, p. 971 - 977 (2020)

Baeyer–Villiger monooxygenases (BVMOs) are remarkable biocatalysts, but, due to their low stability, their application in industry is hampered. Thus, there is a high demand to expand on the diversity and increase the stability of this class of enzyme. Sta

Design of peptide-containing: N 5-unmodified neutral flavins that catalyze aerobic oxygenations

Arakawa, Yukihiro,Yamanomoto, Ken,Kita, Hazuki,Minagawa, Keiji,Tanaka, Masami,Haraguchi, Naoki,Itsuno, Shinichi,Imada, Yasushi

, p. 5468 - 5475 (2017)

Simulation of the monooxygenation function of flavoenzyme (Fl-Enz) has been long-studied with N5-modified cationic flavins (FlEt+), but never with N5-unmodified neutral flavins (Fl) despite the fact that Fl is genuinely equal to the active center of Fl-Enz. This is because of the greater lability of 4a-hydroperoxy adduct of Fl, FlOOH, compared to those of FlEt+, FlEtOOH, and Fl-Enz, FlOOH-Enz. In this study, Fl incorporated into a short peptide, flavopeptide (Fl-Pep), was designed by a rational top-down approach using a computational method, which could stabilize the corresponding 4a-hydroperoxy adduct (FlOOH-Pep) through intramolecular hydrogen bonds. We report catalytic chemoselective sulfoxidation as well as Baeyer-Villiger oxidation by means of Fl-Pep under light-shielding and aerobic conditions, which are the first Fl-Enz-mimetic aerobic oxygenation reactions catalyzed by Fl under non-enzymatic conditions.

Silyl peroxides as effective oxidants in the Baeyer-Villiger reaction with chloroaluminate(III) ionic liquids as catalysts

Baj, Stefan,S?upska, Roksana,Chrobok, Anna,Drozdz, Agnieszka

, p. 120 - 126 (2013)

A new application of silyl peroxides as oxidants in the Baeyer-Villiger oxidation of cyclic ketones in chloroaluminate(III) ionic liquids is described. Among the silyl peroxides, the reactivity of two groups of peroxides was studied: bis(silyl) and t-butyl silyl peroxides possessing different structured substituents attached to the Si atom. It was shown that the acidic 1-hexyl-3-methylimidazolium chloroaluminate(III) ionic liquid (molar ratio of AlCl3 in ionic liquid: 0.67) present in the oxidation of cyclic ketones with bis(silyl) peroxides acts as the catalyst. In this variant of the reaction, the reactivities of bis(silyl) peroxides decrease in the following order: bis(trimethylsilyl) peroxide > bis(vinyldimethylsilyl) peroxide > bis(phenyldimethylsilyl) peroxide > bis(diphenylmethylsilyl) peroxide. A variety of cyclic ketones such as cyclobutanone, 3-substituted cyclobutanones, cyclopentanone, cyclohexanone, 2-methylcyclohexanone, 4-methylcyclohexanone, 2-adamantanone and norcamphor were oxidised to their corresponding lactones with high yields (49-100%). When t-butyl silyl peroxides and neutral chloroaluminate(III) ionic liquids (molar ratio of AlCl3 in ionic liquid: 0.5) were utilised in the Baeyer-Villiger oxidation, the studied ionic liquid acted as the reagent. Here, phenyldimethyl(t-butylperoxy)silane was the most efficient oxidant in the oxidation of cyclobutanone to γ- butyrolactone (70% yield). Other peroxides, including trimethyl(t-butylperoxy) silane, vinyldimethyl(t-butylperoxy)silane and diphenylmethyl-(t-butylperoxy) silane, were less reactive oxidants. Two variants of the Baeyer-Villiger reaction mechanism are postulated.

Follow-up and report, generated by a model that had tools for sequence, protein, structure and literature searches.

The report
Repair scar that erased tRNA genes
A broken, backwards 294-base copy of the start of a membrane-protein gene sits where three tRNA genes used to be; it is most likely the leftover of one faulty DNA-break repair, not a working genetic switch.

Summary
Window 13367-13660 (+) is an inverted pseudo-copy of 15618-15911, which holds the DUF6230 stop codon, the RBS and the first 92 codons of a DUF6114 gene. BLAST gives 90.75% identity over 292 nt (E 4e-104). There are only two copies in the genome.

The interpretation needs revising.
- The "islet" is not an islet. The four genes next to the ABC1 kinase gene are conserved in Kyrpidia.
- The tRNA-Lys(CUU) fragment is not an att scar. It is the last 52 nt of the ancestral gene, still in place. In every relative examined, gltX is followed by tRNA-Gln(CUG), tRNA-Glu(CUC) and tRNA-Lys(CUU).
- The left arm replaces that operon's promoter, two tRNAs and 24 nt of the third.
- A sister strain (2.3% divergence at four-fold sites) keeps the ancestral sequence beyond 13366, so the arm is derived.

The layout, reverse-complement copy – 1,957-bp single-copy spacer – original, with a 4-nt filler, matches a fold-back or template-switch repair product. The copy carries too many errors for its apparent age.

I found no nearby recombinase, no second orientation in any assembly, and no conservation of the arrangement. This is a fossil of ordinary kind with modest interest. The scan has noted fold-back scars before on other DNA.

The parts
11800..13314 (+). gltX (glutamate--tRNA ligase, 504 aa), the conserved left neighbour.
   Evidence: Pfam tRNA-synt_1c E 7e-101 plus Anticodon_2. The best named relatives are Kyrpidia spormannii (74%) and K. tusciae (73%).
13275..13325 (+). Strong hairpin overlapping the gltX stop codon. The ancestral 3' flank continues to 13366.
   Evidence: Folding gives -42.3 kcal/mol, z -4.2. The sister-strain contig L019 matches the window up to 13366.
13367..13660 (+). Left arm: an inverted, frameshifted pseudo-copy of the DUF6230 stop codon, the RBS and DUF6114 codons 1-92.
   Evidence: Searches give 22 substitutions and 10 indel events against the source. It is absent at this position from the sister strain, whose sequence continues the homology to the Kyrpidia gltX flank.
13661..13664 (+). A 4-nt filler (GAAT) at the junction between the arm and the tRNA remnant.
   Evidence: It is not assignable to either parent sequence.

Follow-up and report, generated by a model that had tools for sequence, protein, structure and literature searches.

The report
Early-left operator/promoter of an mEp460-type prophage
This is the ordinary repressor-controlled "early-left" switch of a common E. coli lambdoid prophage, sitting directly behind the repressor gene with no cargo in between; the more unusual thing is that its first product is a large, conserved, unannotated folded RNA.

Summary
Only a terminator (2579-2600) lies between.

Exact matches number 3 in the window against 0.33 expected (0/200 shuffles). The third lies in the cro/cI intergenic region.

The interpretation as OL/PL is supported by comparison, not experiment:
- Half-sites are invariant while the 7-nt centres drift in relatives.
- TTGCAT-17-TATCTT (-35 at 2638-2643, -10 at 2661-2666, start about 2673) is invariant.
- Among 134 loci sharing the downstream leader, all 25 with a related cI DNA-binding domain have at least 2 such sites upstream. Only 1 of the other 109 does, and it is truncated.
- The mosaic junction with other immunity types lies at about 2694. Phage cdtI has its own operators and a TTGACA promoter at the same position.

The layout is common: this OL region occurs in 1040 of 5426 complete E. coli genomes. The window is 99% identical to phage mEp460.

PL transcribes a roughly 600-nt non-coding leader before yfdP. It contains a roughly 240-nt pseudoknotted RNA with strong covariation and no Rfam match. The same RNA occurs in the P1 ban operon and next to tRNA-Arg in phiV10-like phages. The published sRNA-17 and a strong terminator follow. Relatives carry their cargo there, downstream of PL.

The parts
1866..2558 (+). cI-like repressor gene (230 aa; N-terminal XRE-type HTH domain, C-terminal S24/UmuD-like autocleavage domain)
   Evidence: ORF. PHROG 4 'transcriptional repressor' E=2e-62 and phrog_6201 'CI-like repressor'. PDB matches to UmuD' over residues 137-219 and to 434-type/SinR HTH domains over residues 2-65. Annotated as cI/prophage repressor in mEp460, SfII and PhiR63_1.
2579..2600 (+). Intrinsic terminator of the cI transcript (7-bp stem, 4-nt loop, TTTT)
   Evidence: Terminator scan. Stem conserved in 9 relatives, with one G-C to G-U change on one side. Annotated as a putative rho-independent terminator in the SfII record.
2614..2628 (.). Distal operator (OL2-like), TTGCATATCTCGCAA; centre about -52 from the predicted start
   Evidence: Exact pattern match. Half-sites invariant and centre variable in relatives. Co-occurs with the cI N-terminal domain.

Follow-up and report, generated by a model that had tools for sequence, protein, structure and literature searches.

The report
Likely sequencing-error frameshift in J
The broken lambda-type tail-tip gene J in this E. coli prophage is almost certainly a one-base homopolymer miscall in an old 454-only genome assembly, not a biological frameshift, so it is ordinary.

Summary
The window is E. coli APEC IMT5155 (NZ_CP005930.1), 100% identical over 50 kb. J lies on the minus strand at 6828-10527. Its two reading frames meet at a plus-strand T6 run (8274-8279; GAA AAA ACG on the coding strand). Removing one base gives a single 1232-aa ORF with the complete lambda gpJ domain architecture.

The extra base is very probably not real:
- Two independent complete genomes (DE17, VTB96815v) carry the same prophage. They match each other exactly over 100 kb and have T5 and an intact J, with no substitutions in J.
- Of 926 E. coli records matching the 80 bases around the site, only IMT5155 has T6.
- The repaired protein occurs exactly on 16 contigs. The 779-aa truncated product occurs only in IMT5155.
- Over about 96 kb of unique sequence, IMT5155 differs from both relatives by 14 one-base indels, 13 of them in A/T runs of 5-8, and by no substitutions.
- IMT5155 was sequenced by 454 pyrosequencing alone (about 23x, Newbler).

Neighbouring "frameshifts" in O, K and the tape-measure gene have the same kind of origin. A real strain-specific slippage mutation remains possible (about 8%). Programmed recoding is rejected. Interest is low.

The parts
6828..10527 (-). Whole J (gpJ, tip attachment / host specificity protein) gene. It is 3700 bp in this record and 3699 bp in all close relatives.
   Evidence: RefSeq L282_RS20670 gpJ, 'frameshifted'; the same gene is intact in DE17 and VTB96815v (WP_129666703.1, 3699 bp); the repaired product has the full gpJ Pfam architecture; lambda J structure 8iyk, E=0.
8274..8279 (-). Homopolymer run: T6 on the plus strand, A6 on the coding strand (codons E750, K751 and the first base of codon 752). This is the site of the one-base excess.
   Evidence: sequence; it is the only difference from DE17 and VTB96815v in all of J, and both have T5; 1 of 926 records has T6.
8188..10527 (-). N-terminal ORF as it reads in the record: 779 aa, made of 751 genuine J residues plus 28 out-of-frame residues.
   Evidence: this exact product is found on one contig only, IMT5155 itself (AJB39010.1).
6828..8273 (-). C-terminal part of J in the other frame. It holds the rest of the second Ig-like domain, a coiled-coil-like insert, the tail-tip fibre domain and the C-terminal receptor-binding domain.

Dehydrogenative lactonization of diols in aqueous media catalyzed by a water-soluble iridium complex bearing a functional bipyridine ligand

Fujita, Ken-Ichi,Ito, Wataru,Yamaguchi, Ryohei